Recent discussion about GCSE ICT and the new Computing syllabuses for 2014 has raised in my mind some interesting questions. Specifically I am interested in the triple interface affecting what is learned by each generation. These interfaces are created by:
- The market
- The core needs of the nation as decreed by society ... e.g. the National Curriculum
- Choices made by students while in full time study.
Taking the points In reverse order it turns out that children have very little choice. Since they cannot choose their parents they cannot choose to be wealthy and access elite fee paying schools nor can they choose their genetics and so rely on innate ability.
They cannot of course choose the majority of what they are taught as it is prescribed by the National Curriculum and is under central control ... as indicated graphically by the demise of the once compulsory GCSE ICT
What they can choose from about 14 years old are what are called optional subjects and these range widely from the GCSE norm through various vocationally-orientated awarding bodies using a variety of acronyms and increasingly the apprenticeships. The latter are increasing at such a rate (lots of funds) that one suspects that not all of them would be exactly what you or I thought was an apprenticeship.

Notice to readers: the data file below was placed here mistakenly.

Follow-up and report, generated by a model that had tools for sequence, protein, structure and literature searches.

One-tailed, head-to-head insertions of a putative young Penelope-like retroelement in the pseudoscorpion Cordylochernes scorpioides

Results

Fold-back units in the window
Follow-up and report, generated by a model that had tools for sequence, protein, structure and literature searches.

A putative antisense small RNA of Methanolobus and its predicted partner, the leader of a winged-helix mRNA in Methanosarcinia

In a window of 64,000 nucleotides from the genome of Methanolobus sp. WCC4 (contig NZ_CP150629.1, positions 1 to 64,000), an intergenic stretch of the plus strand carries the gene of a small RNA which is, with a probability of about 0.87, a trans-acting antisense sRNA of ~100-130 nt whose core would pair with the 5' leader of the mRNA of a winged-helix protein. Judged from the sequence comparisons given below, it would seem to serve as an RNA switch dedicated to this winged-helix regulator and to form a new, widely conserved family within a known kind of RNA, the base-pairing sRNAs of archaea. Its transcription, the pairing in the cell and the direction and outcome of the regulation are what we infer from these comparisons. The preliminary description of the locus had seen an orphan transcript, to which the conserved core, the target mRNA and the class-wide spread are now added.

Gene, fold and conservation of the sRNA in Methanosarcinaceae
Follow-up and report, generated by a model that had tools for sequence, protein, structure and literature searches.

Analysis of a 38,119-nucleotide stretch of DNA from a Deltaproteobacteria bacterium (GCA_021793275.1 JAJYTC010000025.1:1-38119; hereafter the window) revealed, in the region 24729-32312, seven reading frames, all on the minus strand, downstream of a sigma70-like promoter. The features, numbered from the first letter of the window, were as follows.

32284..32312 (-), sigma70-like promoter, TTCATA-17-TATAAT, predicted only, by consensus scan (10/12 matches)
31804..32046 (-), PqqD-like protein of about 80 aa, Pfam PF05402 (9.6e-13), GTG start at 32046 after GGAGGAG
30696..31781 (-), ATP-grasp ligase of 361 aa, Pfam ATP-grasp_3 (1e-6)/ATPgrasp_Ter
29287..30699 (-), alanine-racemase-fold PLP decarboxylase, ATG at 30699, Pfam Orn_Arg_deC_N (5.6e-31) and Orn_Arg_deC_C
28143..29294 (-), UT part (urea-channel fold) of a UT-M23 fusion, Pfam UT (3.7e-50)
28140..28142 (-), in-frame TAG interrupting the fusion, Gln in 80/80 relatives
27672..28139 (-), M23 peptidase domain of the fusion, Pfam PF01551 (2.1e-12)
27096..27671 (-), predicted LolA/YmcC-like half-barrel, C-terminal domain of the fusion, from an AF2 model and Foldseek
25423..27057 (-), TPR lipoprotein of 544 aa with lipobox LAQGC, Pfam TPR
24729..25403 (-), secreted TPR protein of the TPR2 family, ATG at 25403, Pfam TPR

This brings me back to the ICT v Computing subjects now being offered at GCSE and discussed in my previous blog. ICT or Computing are optional. We can debate their merits but some students will opt for them, and we can guess that fewer will take the Computing GCSE than the ICT GCSE.
This is where it gets sticky. I used to do some work developing ICT for an exam board (using FOSS if you are interested) but what was made ultra-clear to us was that this was a commercial enterprise and that the numbers doing ICT with this board were in free fall and we needed to reverse this trend or the exam would not be financially viable.
Given the above and the fact that it must be overwhelmingly likely (having looked at the demands of a computing GCSE) that the uptake will be very small ... below any chance of making a profit.
Now we have it; say it really was important that some sprogs should have the opportunity to study computing or any other minority subject. Well they won’t be able to because it won’t make any money to add to the many millions of pounds of profit made by the exam boards. In 2007 ex-charity Edexcel made £25 million profit rising to £60 million in 2011. It’s now a £1bn industry paid for by you dear taxpayer.
That’s why we have a plethora of useless qualification that kids like ... lots take them so they make a profit. That’s why we won’t see that Computing GCSE I reviewed any time soon.
Exam boards are welcome to stay privatised but they should not be allowed to make a profit.